Assemblymember Friedman Announces Funding for L.A. River Bike/Ped Projects
This morning, at a press event along the L.A. River in Glendale, State Assemblymember Laura Friedman announced that she has secured $15 million in state funding for two new bike/ped projects along the river.
Normally, I would be all over a story like this. What’s not to like about $15 million for new bike paths along the river? This will mean better bike connections in a place where my family and I bike often.
Unfortunately, there is a lot not to like here.
Assembly Transportation Chair Friedman – along with Assembly Speaker Anthony Rendon – is part of the Democratic Party leadership that recently blocked $7.5 billion worth of green transportation funding in Governor Newsom’s proposed budget. That “California Comeback Plan” budget proposal included:
- $4.2 billion for high-speed rail
- $2.5 billion for the Transit and Intercity Capital Rail Program (TIRCP) – including $1 billion for transit supporting the L.A. Olympics
- $500 million for Active Transportation Program (ATP) bike/pedestrian projects
- $300 million for climate planning/projects
These proposed allocations were blocked by the legislature, delaying various projects, including an extension of the Foothill Gold Line. Theoretically the money could still be approved in a future budget, but the impasse over high-speed rail remains. The conflict doesn’t bode well for the governor signing legislation from these electeds.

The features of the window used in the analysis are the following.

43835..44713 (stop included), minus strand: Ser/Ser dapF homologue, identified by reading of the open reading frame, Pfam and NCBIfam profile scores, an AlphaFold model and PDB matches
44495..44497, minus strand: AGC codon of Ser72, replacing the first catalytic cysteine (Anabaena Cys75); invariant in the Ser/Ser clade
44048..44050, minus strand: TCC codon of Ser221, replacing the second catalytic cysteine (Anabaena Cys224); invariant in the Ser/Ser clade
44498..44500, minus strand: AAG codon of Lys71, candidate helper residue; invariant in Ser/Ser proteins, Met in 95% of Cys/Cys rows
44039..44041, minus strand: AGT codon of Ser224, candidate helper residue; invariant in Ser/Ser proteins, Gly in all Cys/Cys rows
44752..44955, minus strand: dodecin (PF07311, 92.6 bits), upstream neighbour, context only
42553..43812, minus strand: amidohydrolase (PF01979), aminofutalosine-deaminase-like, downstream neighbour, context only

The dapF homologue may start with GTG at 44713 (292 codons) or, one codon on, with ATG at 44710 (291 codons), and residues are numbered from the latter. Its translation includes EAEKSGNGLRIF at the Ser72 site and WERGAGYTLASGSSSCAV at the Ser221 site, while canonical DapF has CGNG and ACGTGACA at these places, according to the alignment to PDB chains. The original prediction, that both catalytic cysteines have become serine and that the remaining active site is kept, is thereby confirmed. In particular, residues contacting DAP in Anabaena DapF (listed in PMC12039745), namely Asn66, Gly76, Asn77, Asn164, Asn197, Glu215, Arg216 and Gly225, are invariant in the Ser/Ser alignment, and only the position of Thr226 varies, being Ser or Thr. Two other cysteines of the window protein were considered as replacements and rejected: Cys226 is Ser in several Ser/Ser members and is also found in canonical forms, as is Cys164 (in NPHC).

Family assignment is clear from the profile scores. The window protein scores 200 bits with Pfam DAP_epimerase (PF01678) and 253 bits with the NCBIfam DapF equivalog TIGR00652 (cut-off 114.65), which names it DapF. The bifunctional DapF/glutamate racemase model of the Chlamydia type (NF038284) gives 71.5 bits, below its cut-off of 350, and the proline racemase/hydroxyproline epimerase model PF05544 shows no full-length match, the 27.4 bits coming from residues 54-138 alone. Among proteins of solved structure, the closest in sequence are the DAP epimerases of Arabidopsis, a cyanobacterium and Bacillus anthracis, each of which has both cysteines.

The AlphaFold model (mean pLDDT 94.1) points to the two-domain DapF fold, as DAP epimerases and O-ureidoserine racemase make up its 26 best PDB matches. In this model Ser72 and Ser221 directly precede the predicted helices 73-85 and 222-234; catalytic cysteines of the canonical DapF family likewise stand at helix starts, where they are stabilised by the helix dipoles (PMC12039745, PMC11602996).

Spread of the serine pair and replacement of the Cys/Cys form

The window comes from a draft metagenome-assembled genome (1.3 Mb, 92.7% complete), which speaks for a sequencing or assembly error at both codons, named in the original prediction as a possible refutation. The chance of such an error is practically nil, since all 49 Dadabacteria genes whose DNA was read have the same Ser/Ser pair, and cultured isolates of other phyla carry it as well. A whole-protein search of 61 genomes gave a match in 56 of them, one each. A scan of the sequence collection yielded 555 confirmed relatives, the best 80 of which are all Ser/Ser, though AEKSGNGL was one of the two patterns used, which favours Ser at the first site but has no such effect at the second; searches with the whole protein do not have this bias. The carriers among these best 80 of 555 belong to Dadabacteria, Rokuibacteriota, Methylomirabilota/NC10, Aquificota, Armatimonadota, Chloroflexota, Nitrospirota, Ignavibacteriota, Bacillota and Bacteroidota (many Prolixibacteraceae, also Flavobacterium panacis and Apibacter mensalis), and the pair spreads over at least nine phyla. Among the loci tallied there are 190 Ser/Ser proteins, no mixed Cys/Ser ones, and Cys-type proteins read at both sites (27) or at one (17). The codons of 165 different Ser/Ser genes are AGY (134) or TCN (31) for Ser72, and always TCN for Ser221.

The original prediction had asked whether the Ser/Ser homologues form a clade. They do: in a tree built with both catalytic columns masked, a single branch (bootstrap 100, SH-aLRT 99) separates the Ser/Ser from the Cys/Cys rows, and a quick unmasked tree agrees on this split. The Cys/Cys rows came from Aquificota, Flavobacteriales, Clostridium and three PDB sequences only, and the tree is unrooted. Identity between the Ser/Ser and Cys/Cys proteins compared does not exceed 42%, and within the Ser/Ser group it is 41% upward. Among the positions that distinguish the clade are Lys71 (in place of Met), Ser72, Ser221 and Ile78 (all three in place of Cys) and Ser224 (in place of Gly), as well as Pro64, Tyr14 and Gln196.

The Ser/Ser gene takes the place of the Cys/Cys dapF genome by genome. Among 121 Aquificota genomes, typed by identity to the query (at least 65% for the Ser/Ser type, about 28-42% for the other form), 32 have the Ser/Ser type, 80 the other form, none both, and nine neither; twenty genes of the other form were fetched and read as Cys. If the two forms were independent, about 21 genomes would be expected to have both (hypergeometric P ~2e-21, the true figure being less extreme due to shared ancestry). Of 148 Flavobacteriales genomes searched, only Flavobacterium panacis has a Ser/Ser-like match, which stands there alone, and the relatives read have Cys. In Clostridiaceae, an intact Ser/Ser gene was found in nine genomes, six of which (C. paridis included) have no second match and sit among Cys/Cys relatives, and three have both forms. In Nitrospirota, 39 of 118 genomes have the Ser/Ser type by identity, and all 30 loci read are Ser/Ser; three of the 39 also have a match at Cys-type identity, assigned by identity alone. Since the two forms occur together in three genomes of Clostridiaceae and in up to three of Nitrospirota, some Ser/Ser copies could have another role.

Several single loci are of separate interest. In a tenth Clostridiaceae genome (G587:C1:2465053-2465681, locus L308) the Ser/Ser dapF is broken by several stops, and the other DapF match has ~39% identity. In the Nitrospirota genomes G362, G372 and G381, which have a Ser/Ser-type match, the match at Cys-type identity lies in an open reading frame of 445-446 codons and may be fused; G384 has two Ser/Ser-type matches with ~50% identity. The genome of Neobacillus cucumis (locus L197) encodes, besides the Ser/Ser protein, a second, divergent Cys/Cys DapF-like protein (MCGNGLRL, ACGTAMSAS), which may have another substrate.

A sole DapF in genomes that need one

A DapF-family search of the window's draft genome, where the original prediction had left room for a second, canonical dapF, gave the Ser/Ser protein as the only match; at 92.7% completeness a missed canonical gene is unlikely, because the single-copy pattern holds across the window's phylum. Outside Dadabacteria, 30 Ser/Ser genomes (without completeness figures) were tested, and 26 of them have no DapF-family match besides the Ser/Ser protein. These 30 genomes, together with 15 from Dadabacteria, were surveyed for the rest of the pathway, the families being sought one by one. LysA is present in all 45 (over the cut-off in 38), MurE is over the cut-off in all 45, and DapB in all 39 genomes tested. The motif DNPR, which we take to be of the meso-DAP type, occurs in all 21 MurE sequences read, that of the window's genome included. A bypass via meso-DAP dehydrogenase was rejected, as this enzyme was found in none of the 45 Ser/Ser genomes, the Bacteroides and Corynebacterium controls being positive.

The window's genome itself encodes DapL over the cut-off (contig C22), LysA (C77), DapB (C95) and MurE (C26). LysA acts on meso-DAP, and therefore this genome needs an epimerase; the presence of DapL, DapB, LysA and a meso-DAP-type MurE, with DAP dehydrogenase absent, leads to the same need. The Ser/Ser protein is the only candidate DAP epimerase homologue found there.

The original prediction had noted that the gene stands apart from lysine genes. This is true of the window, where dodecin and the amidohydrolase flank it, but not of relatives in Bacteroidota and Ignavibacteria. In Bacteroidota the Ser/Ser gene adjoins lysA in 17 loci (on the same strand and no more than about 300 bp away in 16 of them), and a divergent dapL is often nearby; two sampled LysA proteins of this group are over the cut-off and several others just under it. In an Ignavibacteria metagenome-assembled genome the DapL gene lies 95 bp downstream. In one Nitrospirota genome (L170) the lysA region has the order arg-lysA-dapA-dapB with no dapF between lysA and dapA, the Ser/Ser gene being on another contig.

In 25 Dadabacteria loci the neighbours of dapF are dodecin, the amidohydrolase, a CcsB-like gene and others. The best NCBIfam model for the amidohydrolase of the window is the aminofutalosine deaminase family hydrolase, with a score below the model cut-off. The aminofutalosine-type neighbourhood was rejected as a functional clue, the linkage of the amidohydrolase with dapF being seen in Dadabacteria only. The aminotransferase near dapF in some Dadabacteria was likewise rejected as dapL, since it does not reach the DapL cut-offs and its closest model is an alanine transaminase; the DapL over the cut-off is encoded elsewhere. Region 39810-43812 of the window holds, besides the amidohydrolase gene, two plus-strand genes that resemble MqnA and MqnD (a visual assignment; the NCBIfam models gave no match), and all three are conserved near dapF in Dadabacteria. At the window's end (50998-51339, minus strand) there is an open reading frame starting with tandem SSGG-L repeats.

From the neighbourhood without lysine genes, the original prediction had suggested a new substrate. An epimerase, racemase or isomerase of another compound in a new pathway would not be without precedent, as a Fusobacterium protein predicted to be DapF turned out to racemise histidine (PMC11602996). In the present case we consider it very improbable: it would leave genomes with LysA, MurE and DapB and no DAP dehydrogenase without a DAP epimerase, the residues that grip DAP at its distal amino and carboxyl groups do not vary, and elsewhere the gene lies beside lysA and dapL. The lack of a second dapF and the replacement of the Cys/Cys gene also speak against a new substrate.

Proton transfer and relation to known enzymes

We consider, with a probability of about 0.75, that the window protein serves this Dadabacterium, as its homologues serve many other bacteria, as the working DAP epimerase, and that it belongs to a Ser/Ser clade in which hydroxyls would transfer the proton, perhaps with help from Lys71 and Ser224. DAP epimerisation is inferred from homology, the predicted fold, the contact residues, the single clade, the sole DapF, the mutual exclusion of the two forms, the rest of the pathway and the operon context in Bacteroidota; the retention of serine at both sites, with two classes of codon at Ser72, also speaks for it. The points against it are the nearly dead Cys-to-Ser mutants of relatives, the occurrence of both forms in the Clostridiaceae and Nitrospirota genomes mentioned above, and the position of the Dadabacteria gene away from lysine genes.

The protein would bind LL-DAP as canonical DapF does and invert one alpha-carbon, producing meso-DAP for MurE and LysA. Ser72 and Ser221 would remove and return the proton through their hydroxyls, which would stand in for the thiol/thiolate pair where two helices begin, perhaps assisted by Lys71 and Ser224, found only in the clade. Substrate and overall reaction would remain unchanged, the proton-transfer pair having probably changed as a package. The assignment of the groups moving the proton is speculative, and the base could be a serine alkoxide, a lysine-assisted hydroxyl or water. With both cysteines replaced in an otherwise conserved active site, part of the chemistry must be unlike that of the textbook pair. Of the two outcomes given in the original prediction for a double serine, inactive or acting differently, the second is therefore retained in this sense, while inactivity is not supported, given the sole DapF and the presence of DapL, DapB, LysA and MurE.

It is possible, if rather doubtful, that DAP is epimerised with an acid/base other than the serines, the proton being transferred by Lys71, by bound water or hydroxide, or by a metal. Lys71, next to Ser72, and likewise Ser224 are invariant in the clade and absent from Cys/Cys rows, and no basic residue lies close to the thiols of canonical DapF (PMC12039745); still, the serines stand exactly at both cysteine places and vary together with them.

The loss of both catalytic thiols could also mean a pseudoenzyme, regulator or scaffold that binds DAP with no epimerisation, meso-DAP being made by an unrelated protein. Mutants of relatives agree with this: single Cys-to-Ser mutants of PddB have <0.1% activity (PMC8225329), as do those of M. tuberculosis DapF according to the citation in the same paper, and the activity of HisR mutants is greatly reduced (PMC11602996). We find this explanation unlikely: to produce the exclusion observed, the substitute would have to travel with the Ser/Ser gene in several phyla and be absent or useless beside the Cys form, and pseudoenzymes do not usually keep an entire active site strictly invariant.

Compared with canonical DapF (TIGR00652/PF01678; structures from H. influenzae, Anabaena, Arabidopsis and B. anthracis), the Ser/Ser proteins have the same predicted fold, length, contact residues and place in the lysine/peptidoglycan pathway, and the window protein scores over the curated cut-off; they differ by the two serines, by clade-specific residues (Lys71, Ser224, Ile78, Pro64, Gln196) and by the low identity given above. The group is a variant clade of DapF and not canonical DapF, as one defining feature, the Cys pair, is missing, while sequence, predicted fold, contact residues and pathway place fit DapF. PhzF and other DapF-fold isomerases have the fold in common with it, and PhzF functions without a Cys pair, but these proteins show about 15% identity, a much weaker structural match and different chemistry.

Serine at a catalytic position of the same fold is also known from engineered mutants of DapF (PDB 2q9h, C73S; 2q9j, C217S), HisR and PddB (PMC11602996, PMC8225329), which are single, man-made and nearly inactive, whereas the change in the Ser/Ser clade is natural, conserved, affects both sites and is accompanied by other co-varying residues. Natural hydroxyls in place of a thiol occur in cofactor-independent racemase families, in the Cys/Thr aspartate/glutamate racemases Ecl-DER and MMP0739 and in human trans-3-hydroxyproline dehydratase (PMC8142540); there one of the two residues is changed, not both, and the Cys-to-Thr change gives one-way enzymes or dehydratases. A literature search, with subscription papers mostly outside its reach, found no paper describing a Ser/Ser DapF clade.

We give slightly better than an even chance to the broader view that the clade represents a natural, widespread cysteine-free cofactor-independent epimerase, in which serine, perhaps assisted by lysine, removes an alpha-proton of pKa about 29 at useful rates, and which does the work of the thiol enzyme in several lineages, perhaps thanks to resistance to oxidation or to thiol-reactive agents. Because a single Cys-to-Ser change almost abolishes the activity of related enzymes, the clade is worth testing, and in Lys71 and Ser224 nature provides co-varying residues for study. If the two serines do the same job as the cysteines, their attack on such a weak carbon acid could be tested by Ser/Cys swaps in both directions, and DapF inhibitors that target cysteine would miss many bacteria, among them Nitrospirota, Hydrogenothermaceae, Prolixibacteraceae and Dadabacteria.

That’s right. Assemblymember Friedman was one of the electeds leading the charge to turn down $7 billion for green transportation statewide. Then she went to the press to celebrate $15 million for green transportation in her district.
There are equity issues that need to be highlighted here. The Newsom-proposed half-billion dollars for active transportation would have gone through the ATP process which gives weight to projects that benefit disadvantaged communities. Friedman and Rendon’s $15 million earmarks go to projects in and near Glendale, a city with higher-than-average incomes. Under the above-board ATP process, it is somewhat more difficult to fund bike projects serving relatively well-off communities. The city of Glendale could use other flexible transportation monies – say Metro Measure M local return – to fund bicycle and pedestrian projects, but the city spends these funds on facilities for Glendale’s drivers.
Friedman’s earmarks will go to the following projects:
- $10 million for the city of Glendale’s Glendale Narrows Bridge. The Garden River Bridge will be located near the L.A. Zoo (at the nearby Griffith Park Ferrarro Soccer Fields.) It will cross the L.A. River, connecting Glendale’s River Walk walk/bike path to L.A.’s river walk/bike path. See SBLA’s 2017 coverage of the planned bridge and Glendale’s project webpage.
- $5 million for the city of Los Angeles’ Colorado Bridge Undercrossing East Bank River Way Project. This project will create a new bike/ped undercrossing at the Colorado Boulevard on-ramp to the 5 Freeway. This is in the Glendale-adjacent largely industrial northern part of the L.A. City neighborhood of North Atwater.
I look forward to these projects. They will be great places to bike and walk. I also look forward to a day when California’s and L.A. County’s elected leaders unite to support the broad range of investments that are needed for better health, climate, air, and water… but I am not optimistic that this will happen any time soon.